Gestational diabetes

Most women with gestational diabetes don’t have any symptoms. The condition is often recognized by regular blood sugar test or oral glucose tolerance test that is generally performed between the 24th and 28th weeks of pregnancy.

In rare cases, a woman with gestational diabetes will also experience frequent thirst or urination.

Causes of diabetes

Different causes are related to each type of diabetes.

Type 1 diabetes

Doctors don’t know exact reason behind type 1 diabetes. Due to some reason, the immune system wrongly attacks and destroys insulin-producing beta cells of the pancreas.

Genes may have a role in some people. It’s also possible that a virus start out the immune system attack.

Type 2 diabetes

Type 2 diabetes results from a combination of genetics and lifestyle factors. Being overweight can also or obese raises your risk. Having extra fat, especially in your belly, makes your cells more resistant to the effects of insulin on the blood sugar.

This condition is hereditary. Family members share some genes that make them more likely to get type 2 diabetes and to be obese.

Gestational diabetes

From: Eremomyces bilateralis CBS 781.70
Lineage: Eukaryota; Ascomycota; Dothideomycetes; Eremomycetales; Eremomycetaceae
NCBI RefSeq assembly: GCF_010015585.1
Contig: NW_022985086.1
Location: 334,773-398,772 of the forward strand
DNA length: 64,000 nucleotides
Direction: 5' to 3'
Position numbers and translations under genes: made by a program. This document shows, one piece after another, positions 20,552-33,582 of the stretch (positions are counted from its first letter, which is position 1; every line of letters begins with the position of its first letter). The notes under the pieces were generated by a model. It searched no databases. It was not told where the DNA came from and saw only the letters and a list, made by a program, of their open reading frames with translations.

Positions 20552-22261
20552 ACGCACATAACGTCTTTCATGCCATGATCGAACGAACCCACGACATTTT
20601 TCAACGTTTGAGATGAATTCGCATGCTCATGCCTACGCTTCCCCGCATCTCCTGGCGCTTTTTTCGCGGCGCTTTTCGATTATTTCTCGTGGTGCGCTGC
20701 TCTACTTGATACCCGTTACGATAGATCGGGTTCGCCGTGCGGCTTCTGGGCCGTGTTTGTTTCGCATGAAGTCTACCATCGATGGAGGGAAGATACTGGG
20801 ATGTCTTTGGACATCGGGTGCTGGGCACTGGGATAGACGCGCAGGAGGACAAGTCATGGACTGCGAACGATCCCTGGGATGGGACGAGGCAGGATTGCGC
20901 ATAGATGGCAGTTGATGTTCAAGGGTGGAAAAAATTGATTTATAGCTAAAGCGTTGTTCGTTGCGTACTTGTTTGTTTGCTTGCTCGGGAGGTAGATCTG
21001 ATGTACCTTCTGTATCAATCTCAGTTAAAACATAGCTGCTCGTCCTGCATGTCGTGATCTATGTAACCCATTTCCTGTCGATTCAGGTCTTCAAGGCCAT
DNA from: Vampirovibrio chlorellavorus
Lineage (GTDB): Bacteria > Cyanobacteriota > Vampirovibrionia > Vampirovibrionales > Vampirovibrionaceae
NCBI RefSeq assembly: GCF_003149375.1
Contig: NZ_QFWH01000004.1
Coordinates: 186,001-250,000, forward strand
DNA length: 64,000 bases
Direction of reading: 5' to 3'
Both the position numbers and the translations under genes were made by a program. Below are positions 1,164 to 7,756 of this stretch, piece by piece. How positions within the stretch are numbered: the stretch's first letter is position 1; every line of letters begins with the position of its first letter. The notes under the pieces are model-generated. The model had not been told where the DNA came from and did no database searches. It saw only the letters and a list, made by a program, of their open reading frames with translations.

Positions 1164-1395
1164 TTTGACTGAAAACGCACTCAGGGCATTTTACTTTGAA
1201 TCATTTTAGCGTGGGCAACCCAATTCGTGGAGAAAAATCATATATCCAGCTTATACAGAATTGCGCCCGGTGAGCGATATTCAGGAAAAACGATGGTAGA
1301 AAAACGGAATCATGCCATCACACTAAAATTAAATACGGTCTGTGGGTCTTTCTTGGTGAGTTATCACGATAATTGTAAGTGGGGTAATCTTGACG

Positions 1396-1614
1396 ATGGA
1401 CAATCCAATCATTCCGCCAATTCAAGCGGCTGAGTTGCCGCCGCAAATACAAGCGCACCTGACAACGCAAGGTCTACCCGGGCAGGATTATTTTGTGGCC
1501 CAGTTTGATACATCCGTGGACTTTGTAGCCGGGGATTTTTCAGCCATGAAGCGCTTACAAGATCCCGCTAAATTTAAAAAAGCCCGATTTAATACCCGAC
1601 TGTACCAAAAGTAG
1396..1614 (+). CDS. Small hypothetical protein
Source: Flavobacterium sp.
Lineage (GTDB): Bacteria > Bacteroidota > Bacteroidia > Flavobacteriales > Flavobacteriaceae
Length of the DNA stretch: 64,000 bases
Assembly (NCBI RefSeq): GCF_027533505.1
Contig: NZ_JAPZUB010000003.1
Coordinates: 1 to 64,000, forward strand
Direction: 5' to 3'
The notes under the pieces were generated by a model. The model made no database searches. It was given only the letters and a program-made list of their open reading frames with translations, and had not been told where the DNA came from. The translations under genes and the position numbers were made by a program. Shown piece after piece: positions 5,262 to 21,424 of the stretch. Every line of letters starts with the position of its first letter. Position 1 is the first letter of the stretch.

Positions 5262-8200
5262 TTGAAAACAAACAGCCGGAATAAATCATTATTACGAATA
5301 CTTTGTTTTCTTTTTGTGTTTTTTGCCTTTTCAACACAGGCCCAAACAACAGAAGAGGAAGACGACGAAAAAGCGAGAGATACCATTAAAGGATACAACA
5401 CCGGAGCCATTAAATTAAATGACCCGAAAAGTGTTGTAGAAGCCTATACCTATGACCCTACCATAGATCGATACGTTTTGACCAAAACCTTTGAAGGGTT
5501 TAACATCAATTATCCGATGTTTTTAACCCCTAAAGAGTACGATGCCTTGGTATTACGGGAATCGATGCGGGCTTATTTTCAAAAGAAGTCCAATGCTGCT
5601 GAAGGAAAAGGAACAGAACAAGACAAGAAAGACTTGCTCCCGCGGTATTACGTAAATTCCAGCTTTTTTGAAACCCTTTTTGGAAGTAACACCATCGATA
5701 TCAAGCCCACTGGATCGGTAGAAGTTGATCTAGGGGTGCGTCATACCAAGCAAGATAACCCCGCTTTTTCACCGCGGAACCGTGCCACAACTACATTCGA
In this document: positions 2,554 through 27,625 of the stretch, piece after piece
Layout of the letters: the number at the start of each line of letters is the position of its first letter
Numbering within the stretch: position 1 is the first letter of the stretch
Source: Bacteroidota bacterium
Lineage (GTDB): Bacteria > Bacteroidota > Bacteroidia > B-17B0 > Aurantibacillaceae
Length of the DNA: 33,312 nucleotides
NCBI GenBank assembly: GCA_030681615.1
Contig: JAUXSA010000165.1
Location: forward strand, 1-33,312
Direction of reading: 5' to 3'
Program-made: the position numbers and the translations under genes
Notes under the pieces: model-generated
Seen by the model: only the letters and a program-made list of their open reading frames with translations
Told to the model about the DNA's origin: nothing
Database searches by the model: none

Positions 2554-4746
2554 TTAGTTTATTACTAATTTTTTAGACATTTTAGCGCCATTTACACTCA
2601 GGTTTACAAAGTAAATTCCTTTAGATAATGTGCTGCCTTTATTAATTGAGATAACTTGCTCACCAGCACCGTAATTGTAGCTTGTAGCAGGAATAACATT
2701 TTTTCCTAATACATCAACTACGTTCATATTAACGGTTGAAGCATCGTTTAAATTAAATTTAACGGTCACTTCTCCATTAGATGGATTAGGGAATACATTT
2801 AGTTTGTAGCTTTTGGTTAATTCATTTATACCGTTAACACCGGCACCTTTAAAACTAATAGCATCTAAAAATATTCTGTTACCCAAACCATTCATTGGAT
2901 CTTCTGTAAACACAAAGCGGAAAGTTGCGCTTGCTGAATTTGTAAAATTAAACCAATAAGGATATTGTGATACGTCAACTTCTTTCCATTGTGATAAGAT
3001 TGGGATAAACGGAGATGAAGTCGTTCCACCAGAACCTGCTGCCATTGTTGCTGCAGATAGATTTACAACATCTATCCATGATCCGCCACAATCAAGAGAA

Gestational diabetes occurs due to the hormonal changes during pregnancy. The placenta produces hormones that make a women less sensitive to the insulin. This results in high blood glucose during pregnancy.

Women who are overweight when they get pregnant or who gain too much weight during their pregnancy have more chances to get gestational diabetes.

Diabetes risk factors

Certain factors increase your risk for diabetes.

Type 1 diabetes

There are more chances to develop type 1 diabetes if you are a child or teenager, and you have  parent or sibling with the condition, or you have certain genes that are linked to this disease.

Type 2 diabetes

Your risk for type 2 diabetes increases if you:

  • are obese
  • have 45 or more years of age
  • have a parent or sibling with this disease
  • are not physically active
  • have had gestational diabetes
  • have prediabetes
  • have high blood pressurehigh cholesterol, or high triglycerides
  • have African American, Hispanic or Latino American, Alaska Native, Pacific Islander, American Indian, or Asian American ancestry

Gestational diabetes

Your risk for gestational diabetes increases if you:

Diabetes complications